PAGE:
Lack of homes near jobs, schools driving inequality

Diversifying neighbourhoods and ensuring there are enough homes close to major work hubs will be the driving force behind the NSW government's housing policy as it tries to fix an affordability crisis. 

In the past decade, NSW built seven homes compared to Victoria's 10 for every 1000 extra residents, and Treasurer Daniel Mookhey said too many people were paying the price for that choice.

As well as completing fewer houses on a per-capita basis, NSW also built fewer homes in total than Victoria last year, despite having 1.5 million more residents.

Sydney rent prices have risen 10 per cent in the past year as supply dwindles.

Addressing the NSW Productivity Commission's housing symposium on Monday, the treasurer said if the state's planning system had allowed more density - such as 10-storey dwellings instead of the average seven - an extra 45,000 homes would have been built.

Treasury estimated the additional homes would have contributed to a two per cent increase in Sydney's private dwelling stock.

"That could have lowered apartment prices and rents by 5.5 per cent ... for a NSW citizen that is a saving of $35 a week or $1800 a year in rent on the median apartment," Mr Mookhey said. 

Premier Chris Minns said Sydney needed to have a fair distribution of housing growth and density across the city.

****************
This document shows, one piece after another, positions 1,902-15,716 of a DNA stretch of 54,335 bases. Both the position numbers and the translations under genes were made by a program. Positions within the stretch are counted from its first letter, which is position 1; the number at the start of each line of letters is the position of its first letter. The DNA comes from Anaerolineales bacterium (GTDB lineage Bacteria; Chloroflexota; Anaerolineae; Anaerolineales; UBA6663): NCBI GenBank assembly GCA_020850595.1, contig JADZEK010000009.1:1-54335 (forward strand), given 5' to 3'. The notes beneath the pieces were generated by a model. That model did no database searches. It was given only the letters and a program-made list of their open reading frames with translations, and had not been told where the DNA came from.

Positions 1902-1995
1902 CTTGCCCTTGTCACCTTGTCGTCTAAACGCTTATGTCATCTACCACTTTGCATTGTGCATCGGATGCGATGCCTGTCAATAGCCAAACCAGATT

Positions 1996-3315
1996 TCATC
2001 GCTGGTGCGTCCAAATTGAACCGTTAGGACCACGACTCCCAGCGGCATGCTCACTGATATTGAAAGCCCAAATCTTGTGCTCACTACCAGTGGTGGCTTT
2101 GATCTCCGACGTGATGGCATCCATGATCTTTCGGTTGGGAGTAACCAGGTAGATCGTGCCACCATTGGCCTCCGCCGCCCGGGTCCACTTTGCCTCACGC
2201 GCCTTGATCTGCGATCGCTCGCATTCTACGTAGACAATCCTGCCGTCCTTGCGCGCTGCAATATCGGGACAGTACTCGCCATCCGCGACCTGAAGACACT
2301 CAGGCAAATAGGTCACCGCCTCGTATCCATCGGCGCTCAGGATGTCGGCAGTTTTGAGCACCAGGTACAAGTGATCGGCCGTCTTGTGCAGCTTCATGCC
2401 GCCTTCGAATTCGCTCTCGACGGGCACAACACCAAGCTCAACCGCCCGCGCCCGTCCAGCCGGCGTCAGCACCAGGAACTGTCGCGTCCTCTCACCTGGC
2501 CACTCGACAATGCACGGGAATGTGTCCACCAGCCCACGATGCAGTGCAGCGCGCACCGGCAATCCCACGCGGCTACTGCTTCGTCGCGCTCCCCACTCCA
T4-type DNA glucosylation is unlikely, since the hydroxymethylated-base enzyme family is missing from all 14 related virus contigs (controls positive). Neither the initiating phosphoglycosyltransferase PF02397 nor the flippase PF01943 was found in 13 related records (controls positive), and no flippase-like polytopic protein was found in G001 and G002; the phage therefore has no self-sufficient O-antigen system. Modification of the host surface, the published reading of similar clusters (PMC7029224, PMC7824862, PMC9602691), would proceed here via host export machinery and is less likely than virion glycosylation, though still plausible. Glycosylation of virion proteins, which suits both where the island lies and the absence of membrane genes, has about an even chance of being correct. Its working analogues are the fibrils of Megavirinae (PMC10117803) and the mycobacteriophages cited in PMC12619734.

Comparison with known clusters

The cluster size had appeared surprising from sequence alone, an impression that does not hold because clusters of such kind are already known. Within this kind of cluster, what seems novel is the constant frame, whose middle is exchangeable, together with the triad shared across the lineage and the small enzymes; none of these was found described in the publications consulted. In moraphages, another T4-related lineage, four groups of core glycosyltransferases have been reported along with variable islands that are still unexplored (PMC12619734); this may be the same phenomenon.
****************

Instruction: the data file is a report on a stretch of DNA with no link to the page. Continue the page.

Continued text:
"It's not fair to have the vast majority of new entrants and young people go to the western fringes of Sydney without access to the public transport and infrastructure that they've got in the eastern suburbs," he said.

"Every time we say 'no' to density, or reasonable high rises closer to the CBD, we say to a young person, 'we don't want you to have a stake in the future of Sydney'."

Mr Mookhey said Sydney needed to increase the number of homes near major work hubs and quality schools to ensure lower socio-economic families were not further disadvantaged.

Productivity Commission data showed on average, a 2.7 to 3.3 per cent premium to reside within a high-performing school zone, adding $36,000 to $44,000 to the price of a typical Sydney home. 

"We have to raise educational standards in all schools, but we shouldn't tie a person's ability to get access to an excellent public school to where they can afford to live," he said.

"The inability to build homes close to where people work in effect imposes a commuter tax on those who cannot afford to live close to their jobs. 

"It is unfair and it's not sustainable."

The Minns government has previously announced it would create pre-approved "pattern book" of designs for terraces and mid-rise developments in a bid to help reduce housing approval times.

A consortium of business groups on Monday launched their proposal to deliver up to 75,000 extra homes in medium-density developments along major Sydney road corridors.

The plan, from Business Sydney, Business Western Sydney and the Housing Industry Association, suggested rolling out apartments on the dilapidated Parramatta Rd in the inner west as a first step, followed by Victoria Rd and the Great Western Highway.

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